Wilt thou go on with me?
The moon is bright, the sea is calm,
And I know well the ocean paths . . .
Thou wilt go on with me!
The fatigue and agitation of these various scenes had agitated Jeanie so much, notwithstanding her robust strength of constitution, that Archibald judged it necessary that she should have a day’s repose at the village of Longtown. It was in vain that Jeanie protested against any delay. The Duke of Argyle’s man of confidence was of course consequential; and as he had been bred to the medical profession in his youth (at least he used this expression to describe his having, thirty years before, pounded for six months in the mortar of old Mungo Mangleman, the surgeon at Greenock), he was obstinate whenever a matter of health was in question.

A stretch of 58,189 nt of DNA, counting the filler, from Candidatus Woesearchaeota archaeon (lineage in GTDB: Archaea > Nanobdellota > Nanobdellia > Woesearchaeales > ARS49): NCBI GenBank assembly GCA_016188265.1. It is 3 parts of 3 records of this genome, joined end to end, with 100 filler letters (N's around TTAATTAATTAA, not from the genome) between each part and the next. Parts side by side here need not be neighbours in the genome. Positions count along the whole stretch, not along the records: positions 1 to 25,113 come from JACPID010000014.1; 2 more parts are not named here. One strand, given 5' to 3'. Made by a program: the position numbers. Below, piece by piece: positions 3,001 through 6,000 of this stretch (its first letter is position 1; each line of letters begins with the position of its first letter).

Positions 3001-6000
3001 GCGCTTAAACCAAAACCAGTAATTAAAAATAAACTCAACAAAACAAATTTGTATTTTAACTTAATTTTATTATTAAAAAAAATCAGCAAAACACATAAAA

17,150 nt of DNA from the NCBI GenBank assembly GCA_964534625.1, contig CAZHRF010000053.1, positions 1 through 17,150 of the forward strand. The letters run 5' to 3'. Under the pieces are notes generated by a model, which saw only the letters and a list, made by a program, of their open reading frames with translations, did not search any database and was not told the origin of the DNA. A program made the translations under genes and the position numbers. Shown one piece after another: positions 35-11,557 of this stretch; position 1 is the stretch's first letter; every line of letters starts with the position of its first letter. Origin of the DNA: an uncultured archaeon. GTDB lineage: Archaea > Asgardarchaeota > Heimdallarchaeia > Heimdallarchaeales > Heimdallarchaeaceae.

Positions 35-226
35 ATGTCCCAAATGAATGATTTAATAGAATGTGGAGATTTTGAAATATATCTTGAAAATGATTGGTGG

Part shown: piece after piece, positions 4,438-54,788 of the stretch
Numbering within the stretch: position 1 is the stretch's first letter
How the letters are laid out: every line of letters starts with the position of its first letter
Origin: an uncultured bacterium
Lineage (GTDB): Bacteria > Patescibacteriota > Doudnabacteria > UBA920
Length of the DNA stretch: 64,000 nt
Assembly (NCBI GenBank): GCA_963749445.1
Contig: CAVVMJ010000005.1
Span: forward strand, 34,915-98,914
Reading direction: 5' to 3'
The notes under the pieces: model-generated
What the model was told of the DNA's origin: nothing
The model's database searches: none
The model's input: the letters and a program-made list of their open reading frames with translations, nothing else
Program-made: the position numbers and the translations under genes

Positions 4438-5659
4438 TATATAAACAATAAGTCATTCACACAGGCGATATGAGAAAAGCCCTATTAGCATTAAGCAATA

In this case he discovered febrile symptoms, and having once made a happy application of that learned phrase to Jeanie’s case, all farther resistance became in vain; and she was glad to acquiesce, and even to go to bed, and drink water-gruel, in order that she might possess her soul in quiet and without interruption.
Mr. Archibald was equally attentive in another particular. He observed that the execution of the old woman, and the miserable fate of her daughter, seemed to have had a more powerful effect upon Jeanie’s mind, than the usual feelings of humanity might naturally have been expected to occasion. Yet she was obviously a strong-minded, sensible young woman, and in no respect subject to nervous affections; and therefore Archibald, being ignorant of any special connection between his master’s prote’ge’e and these unfortunate persons, excepting that she had seen Madge formerly in Scotland, naturally imputed the strong impression these events had made upon her, to her associating them with the unhappy circumstances in which her sister had so lately stood. He became anxious, therefore, to prevent anything occurring which might recall these associations to Jeanie’s mind.